Friday, April 13, 2012

... on a garden. A garden!

Things are feeling a little more settled here - I'm not feeling quite so displaced! This morning I did something that's been on my wish-list for a very long time, and has made this place feel far more like home.

I've always been somewhat keen on growing vegetables - when I was a kid my Dad had a Howard rotary hoe (imaginatively named 'Howard') and our whole front paddock was given over to vegie growing. One of my favourite tasks was to tuck a chicken under one arm and go and de-caterpillar the cabbages and broccoli. Being able to eat beans straight off the bush was just fab, and shop-bought vegies (or heaven forbid, frozen!) just didn't compare.

One of the things that's been on my to-do list for ages is 'Have an awesome vegie garden.' This new house - it's built on solid clay, and by 'solid' I mean 'there's a brickworks down the road'. Clay is not really a friend to gardeners, so I pulled out my trusty Stephanie Alexander's 'Kitchen Garden Companion' book and asked her advice. Stephanie always knows what to do. The solution jumped out. Clay = don't dig down, build up. No digging required!
Click on this - it'll probably be big enough should you like to read it.
I love Stephanie Alexander. She's a national treasure. For those who don't know, Stephanie is a cook, writer and gardener who has started a program for Australian primary schools where the kids build a kitchen garden and grow some vegies, learning about where some of their food comes from. They harvest their crops and cook them, finding out about nutrition and health too. You can find out more about it here.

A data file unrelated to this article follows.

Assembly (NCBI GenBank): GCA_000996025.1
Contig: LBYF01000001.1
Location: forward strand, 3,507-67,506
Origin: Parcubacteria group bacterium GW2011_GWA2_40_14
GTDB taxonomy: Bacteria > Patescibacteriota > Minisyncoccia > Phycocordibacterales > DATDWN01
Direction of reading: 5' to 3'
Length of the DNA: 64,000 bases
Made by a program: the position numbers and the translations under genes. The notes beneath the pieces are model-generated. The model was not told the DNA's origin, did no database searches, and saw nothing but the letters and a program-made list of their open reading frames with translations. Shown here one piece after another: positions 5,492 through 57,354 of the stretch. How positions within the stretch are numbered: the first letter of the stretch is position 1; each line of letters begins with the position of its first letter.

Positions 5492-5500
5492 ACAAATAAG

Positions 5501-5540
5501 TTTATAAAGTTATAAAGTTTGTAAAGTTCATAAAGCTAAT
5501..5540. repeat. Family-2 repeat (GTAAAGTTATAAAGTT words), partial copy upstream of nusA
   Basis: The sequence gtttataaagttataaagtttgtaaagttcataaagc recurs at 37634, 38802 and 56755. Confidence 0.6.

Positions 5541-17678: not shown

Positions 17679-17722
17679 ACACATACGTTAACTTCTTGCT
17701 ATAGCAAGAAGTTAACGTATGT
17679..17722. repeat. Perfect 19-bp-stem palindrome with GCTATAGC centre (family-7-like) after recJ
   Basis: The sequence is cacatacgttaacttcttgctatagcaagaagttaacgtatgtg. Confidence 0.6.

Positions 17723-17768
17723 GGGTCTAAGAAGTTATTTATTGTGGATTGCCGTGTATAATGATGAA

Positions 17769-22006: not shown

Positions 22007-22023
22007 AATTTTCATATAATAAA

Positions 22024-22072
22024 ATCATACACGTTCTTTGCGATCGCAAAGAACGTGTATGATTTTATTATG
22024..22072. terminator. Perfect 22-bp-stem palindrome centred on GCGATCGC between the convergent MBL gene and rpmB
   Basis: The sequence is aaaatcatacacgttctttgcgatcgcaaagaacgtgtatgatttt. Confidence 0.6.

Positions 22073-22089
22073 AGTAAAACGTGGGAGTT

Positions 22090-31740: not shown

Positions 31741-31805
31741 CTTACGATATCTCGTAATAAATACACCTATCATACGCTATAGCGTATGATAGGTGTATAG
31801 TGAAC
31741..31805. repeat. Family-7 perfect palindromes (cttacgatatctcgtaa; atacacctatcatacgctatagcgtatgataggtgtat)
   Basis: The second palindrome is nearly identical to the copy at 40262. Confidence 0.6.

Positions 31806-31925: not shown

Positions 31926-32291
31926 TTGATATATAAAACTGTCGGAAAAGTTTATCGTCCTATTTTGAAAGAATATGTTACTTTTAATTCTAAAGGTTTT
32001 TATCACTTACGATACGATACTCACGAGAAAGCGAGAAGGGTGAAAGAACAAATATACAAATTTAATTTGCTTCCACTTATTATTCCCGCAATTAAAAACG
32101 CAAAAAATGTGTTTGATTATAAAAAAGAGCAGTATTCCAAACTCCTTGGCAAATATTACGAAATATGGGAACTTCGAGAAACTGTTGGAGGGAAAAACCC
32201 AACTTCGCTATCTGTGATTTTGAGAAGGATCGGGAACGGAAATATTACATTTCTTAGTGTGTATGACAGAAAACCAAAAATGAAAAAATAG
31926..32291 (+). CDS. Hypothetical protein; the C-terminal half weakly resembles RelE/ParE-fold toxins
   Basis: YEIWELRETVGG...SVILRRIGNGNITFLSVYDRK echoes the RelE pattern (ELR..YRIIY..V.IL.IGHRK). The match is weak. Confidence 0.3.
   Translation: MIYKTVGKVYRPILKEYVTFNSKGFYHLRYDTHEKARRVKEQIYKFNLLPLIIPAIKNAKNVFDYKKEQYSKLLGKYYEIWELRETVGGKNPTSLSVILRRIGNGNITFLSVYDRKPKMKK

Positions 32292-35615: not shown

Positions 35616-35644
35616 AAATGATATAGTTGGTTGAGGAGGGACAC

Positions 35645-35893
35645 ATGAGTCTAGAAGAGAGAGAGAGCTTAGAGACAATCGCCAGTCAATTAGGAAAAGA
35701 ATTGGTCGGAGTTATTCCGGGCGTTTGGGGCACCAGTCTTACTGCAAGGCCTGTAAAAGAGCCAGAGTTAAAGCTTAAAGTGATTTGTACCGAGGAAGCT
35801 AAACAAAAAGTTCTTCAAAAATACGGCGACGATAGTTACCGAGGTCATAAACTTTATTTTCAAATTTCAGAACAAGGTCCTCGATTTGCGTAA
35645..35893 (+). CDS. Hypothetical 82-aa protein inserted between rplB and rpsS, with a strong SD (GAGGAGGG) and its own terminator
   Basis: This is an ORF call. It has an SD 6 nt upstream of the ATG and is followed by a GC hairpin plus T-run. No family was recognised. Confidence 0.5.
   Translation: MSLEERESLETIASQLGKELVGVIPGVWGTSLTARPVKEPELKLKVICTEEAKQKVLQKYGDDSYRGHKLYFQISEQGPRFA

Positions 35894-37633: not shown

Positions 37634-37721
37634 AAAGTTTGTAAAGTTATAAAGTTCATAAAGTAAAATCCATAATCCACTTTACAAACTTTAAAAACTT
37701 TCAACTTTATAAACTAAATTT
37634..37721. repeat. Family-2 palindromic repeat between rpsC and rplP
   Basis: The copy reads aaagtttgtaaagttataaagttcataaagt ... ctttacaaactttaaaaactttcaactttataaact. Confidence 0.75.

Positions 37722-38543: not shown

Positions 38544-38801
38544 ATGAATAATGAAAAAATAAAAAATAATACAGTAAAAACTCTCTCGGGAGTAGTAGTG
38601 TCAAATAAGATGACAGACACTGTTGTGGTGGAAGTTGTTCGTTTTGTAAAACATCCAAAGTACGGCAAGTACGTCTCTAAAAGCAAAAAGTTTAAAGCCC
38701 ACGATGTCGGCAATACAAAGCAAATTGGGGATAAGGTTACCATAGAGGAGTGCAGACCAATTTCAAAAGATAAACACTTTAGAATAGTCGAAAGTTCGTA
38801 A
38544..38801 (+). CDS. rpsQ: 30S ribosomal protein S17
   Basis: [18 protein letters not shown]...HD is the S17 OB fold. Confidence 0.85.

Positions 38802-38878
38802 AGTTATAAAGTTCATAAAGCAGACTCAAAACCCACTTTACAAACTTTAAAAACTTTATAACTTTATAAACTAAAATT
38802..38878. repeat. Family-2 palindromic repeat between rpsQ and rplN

So, here's my opportunity to try Stephanie's recipe for a no-dig garden. The idea is you build up layers of material (lasagne style) and the growing plants get their roots down into it and ideally, thrive. You can even do it on top of concrete - a garden for anywhere! Our clay soil is almost concrete - I don't know how the grass survives.

First layer = a good whack of newspapers/cardboard. I don't want the grass growing up through the vegies.
I did get a little distracted by this article about Tom Waits, but hell... gardening is for enjoyment too, right? I added him to the pile once I'd read it.
I'm using bales of hay/lucerne as the edges for my garden. They're somewhat temporary and will break down into lovely rich mulch in a year or so. Plus I can try a bit of 'straw bale' gardening (growing things straight into the bale) as a side project.
Next is a thick layer of lucerne. Stephanie describes the process of disassembling the bale as 'peeling away like big Weet-Bixes' and she's completely right. Water it down with a couple of watering-cans full of seaweed mix, too.
Then comes a layer of manure (I'm using sheep) mixed in with Hydrocell. This is a very interesting product - it retains water and releases it slowly to the plant, meaning you don't need to water as often or as much. It's available at Centenary Landscaping Supplies here in Brisbane - and it was tricky to find. I'd looked about at various hardwares, garden and produce shops before Consulting The Internet to find a supplier. Darn it, I should have done that first.
Next is a thick layer of straw. Stephanie's recipe calls for 'pea straw' but you just can't get that in Brisbane. Ordinary straw will have to do - I hope that's not a fatal error. Wet it all down with a few more cans of seaweed fertiliser.
 Then, yet another layer of the manure/Hydrocell mixture.
 The whole lot gets topped off with a thick layer of compost and watered. Apparently it'll be ready for planting straight into the compost mix in a few days - I'll give it a week.
So... here begins my no-dig vegetable garden experiment. One thing though... this costs an arm and a leg. I estimate that the materials to make two square metres of garden cost around three hundred dollars. If I'm not able to report back with some promising vegie-garden news I'm going to... be... very... disappointed!

1 comment:

Gail Engel said...

looks really wonderful Ems!